Recently, I’ve been asking myself some tough questions and digging deep to find the answers. Why am I here? What was I put on this Earth to do? What is my purpose in life? These introspective questions and my search for their answers is something I have been spending an inordinate amount of time thinking about. Perhaps it’s a sign of maturity and closing the door on another year; perhaps it’s a soul searching effort to remind myself that while I’ve had many experiences in my 33 years, there’s still more to do, see, and explore.
And then something happened.
“Dear Kristin Zielinski,
This e-mail is to let you know that I am delighted that you will be joining Achilles International and New York Road Runners as a volunteer guide alongside an athlete with disabilities in this year’s ING New York City Marathon.”
The world is a very funny place.
I was nearly in tears when I found out the news two days ago. Up until that point I honestly thought it wouldn’t happen and if it did, I wasn’t sure what I would do. Do I say yes and run a marathon, not just any marathon but THE New York City Marathon, somewhat undertrained? Or, do I say no, feel regretful and wonder if I’ll ever have the opportunity to do this again?
I made the right decision.
You see, it’s not about me. This is about helping someone through one of the biggest milestones in their life. A marathon truly is a milestone and an unforgettable experience. Even more, this is about helping someone who may have been told time and again they can’t do it, they’re not able to do it, just because of a disability. That’s hogwash. With determination and will, you have the right to experience the thrill and anxiety of the start line and the exuberance of the finish regardless of ability, disability, or anything else – and you can. I am excited to make that happen for someone else and in NYC nonetheless. While I have not received information on who I will be paired up with just yet, I have requested to guide someone who is blind.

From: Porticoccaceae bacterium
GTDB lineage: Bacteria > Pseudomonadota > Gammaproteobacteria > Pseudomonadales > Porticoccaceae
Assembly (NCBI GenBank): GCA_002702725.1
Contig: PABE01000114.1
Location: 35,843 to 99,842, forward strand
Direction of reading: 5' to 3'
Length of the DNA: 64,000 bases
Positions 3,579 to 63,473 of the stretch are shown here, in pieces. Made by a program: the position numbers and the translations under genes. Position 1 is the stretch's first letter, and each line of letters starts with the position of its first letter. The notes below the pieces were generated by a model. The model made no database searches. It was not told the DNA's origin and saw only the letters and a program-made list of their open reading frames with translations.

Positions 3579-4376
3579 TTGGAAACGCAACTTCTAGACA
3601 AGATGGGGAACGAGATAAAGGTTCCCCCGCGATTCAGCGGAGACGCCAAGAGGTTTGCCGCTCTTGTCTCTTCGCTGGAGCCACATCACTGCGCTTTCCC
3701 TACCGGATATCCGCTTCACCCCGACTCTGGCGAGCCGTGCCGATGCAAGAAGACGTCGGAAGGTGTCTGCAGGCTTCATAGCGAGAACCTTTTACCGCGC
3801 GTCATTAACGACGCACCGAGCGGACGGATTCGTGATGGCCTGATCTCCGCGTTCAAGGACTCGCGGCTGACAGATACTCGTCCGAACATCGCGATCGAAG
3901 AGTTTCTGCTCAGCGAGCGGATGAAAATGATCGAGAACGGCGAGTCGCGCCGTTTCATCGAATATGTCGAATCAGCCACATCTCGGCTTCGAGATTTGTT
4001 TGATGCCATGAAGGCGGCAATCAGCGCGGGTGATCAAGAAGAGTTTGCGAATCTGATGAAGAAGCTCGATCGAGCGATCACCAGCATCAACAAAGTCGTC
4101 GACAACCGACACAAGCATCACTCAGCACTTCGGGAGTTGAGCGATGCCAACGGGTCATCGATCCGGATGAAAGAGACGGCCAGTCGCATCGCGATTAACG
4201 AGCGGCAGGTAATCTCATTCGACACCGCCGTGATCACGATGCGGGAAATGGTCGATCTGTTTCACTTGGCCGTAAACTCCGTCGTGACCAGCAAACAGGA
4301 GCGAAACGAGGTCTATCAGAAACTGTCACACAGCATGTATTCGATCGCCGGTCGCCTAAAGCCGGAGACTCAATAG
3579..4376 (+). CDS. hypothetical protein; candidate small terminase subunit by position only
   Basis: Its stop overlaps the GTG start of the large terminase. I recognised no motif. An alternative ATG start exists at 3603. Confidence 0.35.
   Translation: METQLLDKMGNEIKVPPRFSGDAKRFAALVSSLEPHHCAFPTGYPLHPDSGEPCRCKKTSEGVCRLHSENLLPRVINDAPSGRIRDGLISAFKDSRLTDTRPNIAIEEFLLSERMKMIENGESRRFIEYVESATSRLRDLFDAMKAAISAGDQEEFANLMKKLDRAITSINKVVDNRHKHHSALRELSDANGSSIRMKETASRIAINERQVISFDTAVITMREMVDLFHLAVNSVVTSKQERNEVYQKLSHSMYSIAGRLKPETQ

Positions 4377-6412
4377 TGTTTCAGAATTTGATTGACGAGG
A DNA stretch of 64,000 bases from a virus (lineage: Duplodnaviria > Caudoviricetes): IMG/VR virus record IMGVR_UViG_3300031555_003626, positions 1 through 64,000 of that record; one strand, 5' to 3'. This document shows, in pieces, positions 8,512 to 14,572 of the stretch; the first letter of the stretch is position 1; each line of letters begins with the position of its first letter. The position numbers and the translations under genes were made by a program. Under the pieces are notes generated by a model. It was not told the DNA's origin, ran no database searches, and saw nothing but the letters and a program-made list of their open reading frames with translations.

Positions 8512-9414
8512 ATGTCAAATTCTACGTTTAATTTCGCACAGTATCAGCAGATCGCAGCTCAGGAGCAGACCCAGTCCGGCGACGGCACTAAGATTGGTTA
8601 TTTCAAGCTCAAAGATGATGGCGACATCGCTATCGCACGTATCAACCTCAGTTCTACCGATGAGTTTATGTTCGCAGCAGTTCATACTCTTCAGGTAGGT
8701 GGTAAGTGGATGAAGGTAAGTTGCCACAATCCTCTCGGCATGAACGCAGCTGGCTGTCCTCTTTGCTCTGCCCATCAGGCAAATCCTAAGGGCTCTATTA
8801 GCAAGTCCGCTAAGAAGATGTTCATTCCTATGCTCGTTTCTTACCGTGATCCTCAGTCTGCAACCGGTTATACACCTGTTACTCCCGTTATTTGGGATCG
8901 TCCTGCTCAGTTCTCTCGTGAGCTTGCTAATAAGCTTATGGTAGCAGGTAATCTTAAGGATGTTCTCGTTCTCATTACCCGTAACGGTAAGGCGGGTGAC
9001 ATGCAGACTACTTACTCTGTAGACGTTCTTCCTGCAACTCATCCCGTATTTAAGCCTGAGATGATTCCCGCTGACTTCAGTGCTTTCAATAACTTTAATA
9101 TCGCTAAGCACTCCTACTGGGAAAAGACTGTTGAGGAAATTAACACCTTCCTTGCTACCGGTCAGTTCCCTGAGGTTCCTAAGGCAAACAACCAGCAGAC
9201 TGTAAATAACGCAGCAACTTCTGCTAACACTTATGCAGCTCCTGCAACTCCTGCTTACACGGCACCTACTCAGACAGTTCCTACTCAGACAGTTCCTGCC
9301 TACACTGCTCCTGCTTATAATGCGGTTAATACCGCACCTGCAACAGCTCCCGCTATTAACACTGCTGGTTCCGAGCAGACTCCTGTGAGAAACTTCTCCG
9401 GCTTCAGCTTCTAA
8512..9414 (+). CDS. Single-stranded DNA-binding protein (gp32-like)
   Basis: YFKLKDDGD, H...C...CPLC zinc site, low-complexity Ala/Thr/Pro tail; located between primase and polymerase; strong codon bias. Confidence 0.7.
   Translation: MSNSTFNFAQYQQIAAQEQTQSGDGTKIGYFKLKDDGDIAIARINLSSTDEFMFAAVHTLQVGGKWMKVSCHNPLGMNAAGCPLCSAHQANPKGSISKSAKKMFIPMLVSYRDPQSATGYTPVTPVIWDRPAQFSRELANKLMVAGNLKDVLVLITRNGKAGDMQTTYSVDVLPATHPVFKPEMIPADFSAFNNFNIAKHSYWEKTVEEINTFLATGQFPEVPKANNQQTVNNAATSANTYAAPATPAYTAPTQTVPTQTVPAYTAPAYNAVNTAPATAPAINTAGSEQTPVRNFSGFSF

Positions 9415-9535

Why someone without sight? Well, because I myself was born without sight in my left eye. This hasn’t hindered me much and if I never said anything, no one would know. If anything it has given me a strength I will tap into on November 3rd for my athlete.
So when I say that I would regret it if I passed up this opportunity and instead try to grasp the words to describe every emotion coursing through my veins, I’m not overexaggerating. I truly believe that my purpose is to help others who may need a little assistance and this setting couldn’t be any more perfect.
With that said, I’m not sure where this journey will take me but I am confident that I am a good fit although I’d be lying if I said I wasn’t nervous and anxious. Yes, I have limited sight of my own but that’s something I’ve dealt with from birth and have adapted to quite well and I don’t see it being a hindrance. As a matter of fact, I think it’s somewhat of an asset because I have an innate ability to think a little quicker and act to correct any missteps.
I plan to document this experience as much as possible given that so many of you have had questions on the process, how race day comes together, and the logistics of guiding a disabled athlete. I hope to provide insight and answer any questions you have (about guiding or even my own limited vision) so please ask away. I hope you will follow me through race day!